[Wednesday in the Second Week of Lent] Acquisition, Consumption, and the Poor: A Vicious Spiritual Triangle
Read: Luke 12:15-21
And he [Jesus] said to them, “Take care! Be on your guard against all kinds of greed; for one’s life does not consist in the abundance of possessions.” Then he told them a parable: “The land of a rich man produced abundantly. And he thought to himself, ‘What should I do, for I have no place to store my crops?’ Then he said, ‘I will do this: I will pull down my barns and build larger ones, and there I will store all my grain and my goods. And I will say to my soul, ‘Soul, you have ample goods laid up for many years; relax, eat, drink, be merry.’ But God said to him, ‘You fool! This very night your life is being demanded of you. And the things you have prepared, whose will they be?’ So it is with those who store up treasures for themselves but are not rich toward God.”
Today’s rapid rate of consumption undermines environmental resources. In the liturgy for Ash Wednesday in The Book of Common Prayer, we are invited “in the name of the Church, to the observance of a holy Lent, by self-examination and repentance; by prayer, fasting, and self-denial; and by reading and meditating on God’s holy Word.” In what ways might our lives be changed if we were to engage in new ways of fulfilling these disciplines?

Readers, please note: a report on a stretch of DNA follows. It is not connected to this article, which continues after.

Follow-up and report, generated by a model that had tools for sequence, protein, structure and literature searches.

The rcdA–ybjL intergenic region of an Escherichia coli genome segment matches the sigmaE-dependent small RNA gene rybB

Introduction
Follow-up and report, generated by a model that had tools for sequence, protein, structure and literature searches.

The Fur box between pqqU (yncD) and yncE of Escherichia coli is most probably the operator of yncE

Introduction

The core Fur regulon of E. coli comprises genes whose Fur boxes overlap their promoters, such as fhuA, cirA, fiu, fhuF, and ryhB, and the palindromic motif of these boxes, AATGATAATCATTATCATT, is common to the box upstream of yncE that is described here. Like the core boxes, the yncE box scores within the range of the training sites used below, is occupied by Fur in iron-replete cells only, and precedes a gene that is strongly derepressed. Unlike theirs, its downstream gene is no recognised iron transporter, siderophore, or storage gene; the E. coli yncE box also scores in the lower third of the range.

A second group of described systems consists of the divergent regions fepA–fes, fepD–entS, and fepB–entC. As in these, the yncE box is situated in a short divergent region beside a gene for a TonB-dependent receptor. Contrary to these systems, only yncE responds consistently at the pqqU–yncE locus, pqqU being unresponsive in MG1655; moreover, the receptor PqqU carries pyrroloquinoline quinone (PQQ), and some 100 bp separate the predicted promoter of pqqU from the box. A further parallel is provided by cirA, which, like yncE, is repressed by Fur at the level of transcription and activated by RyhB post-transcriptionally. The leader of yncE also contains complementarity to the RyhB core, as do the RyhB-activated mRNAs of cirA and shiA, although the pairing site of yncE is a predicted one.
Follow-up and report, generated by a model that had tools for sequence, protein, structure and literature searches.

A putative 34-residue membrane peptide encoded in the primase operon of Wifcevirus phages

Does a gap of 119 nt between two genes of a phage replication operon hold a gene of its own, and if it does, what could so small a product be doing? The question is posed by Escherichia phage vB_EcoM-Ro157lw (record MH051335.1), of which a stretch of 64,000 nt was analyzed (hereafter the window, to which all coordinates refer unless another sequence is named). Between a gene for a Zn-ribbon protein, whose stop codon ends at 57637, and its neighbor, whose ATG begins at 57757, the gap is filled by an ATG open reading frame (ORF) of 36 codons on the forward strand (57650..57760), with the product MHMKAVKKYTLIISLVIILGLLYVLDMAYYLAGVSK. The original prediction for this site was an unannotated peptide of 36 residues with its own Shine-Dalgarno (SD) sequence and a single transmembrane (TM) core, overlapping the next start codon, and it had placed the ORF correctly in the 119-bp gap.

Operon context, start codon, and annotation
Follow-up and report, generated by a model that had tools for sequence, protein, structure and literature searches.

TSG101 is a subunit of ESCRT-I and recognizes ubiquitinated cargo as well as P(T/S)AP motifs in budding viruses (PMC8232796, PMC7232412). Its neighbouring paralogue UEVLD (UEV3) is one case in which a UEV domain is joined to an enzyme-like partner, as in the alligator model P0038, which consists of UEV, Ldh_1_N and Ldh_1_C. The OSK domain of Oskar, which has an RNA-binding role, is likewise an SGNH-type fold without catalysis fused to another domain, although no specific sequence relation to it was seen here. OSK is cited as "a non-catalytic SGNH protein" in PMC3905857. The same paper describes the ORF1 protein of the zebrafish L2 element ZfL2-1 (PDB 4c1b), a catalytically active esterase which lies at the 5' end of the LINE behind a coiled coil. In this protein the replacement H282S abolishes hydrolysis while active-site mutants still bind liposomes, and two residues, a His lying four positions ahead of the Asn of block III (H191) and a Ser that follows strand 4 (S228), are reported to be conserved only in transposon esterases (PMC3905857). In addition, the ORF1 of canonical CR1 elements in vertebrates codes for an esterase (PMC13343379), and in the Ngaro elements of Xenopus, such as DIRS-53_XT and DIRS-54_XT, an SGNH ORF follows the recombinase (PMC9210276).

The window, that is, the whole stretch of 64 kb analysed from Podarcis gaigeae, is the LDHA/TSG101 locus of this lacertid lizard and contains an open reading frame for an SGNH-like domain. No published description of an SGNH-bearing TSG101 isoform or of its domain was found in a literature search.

For example, what would happen in our lives if we took an inventory of our real needs rather than of our insatiable desires? What if we were to make it part and parcel of our Lenten practice to reflect on how the things we want, buy, and own are potentially forms of addiction to a lifestyle that undermines genuine economic and environmental health? What if we were to come to terms with the motivations or compulsions that drive our purchasing decisions? Might not a deeper understanding of these forces lead us to more redemptive choices in our daily lives? And in so doing, might this lead us, as the Ash Wednesday invitation puts it, “to make a right beginning of repentance”?
Excessive consumption exacerbates inequalities between the rich and poor. And if trends continue, today’s problems of consumption and inequality will worsen. We must look at redistributing from high-income to low-income consumers, moving from polluting to cleaner goods and production technologies, promoting goods that empower poor producers, and shifting priority from consumption for conspicuous display to meeting basic needs.
This Lenten season calls us to pause periodically to reflect on what our real needs are and how our relationships to others in our community—and in the world around us—might become sources of lifegiving power.
Almighty and eternal God, so draw our hearts to you, so guide our minds, so fill our imaginations, so control our wills, that we may be wholly yours, utterly dedicated to you; and then use us, we pray, as you will, and always to your glory and the welfare of your people; through our Lord and Savior Jesus Christ. Amen.
(The Book of Common Prayer, p. 833)
Joe Burnett served as bishop of the Episcopal Diocese of Nebraska and as an assistant bishop in the Diocese of Maryland.